Mutagenic repair of a ZFN-induced double-strand break in yeast: Effects of cleavage site sequence and spacer size.
Double-strand breaks are repaired by error-free homologous recombination or by relatively error-prone pathways that directly join broken ends. Both types of repair have been extensively studied in Saccharomyces cerevisiae using enzymes HO or I-SceI, which create breaks with 4-nt 3' overhangs. In the current study, a galactose-regulated zinc-finger nuclease (ZFN) designed to cleave the Drosophila rosy locus was used to generate breaks with 4-nt 5' overhangs at out-of-frame cleavage sites inserted into the yeast LYS2 gene. Mutagenic repair was examined following selection of prototrophs on lysine-deficient medium containing galactose or surviving colonies on galactose-containing rich medium. Following cleavage of the original rosy spacer (ACGAAT), most Lys+ colonies contained 1- or 4-bp insertions at the cleavage site while most survivors had either a 2-bp insertion or a large deletion. Small insertions reflected nonhomologous end joining (NHEJ) and large deletions were the product of microhomology-mediated end joining (MMEJ). Changing the original ACGAAT spacer to either AGCAAT, ACGCGT or CTATTA altered the molecular features of NHEJ events as well as their frequency relative to MMEJ. Altering the optimal 6-bp spacer size between the zinc-finger protein binding sites to 5 bp or 7 bp eliminated the effect of continuous ZFN expression on survival, but Lys+ prototrophs were still generated. Analysis of Lys+ revertants after cleavage of the 5-bp spacer indicated that both the position and spacing of ZFN-generated nicks were variable. Results provide insight into effects of overhang sequence on mutagenic outcomes and demonstrate ZFN cleavage of 5- or 7-bp spacers in vivo.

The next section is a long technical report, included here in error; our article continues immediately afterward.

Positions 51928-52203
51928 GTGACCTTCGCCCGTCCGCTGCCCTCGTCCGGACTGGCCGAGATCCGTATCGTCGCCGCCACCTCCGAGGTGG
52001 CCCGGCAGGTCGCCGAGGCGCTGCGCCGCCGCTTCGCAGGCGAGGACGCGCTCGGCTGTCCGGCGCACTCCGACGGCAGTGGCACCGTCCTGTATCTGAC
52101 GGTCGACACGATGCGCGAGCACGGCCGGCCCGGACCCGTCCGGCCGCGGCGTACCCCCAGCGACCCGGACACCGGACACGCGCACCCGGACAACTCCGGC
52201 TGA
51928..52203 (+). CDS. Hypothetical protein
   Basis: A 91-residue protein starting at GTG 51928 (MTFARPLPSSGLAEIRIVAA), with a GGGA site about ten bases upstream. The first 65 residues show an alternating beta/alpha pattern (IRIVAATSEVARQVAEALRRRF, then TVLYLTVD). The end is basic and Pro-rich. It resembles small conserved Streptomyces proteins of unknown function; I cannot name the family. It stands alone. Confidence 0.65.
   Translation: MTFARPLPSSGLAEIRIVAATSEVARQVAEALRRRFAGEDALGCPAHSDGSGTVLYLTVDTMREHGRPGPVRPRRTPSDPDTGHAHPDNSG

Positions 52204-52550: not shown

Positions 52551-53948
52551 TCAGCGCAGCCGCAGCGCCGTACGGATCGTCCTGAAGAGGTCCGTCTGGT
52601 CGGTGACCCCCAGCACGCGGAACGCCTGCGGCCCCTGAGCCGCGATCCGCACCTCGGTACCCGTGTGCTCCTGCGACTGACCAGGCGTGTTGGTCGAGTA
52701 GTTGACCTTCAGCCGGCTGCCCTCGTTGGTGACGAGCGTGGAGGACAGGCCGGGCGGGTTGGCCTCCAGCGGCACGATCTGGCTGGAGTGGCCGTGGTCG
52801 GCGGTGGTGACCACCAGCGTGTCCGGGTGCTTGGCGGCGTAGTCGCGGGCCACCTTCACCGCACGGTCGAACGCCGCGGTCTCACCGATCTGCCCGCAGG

Shaltz, S; Jinks-Robertson, S
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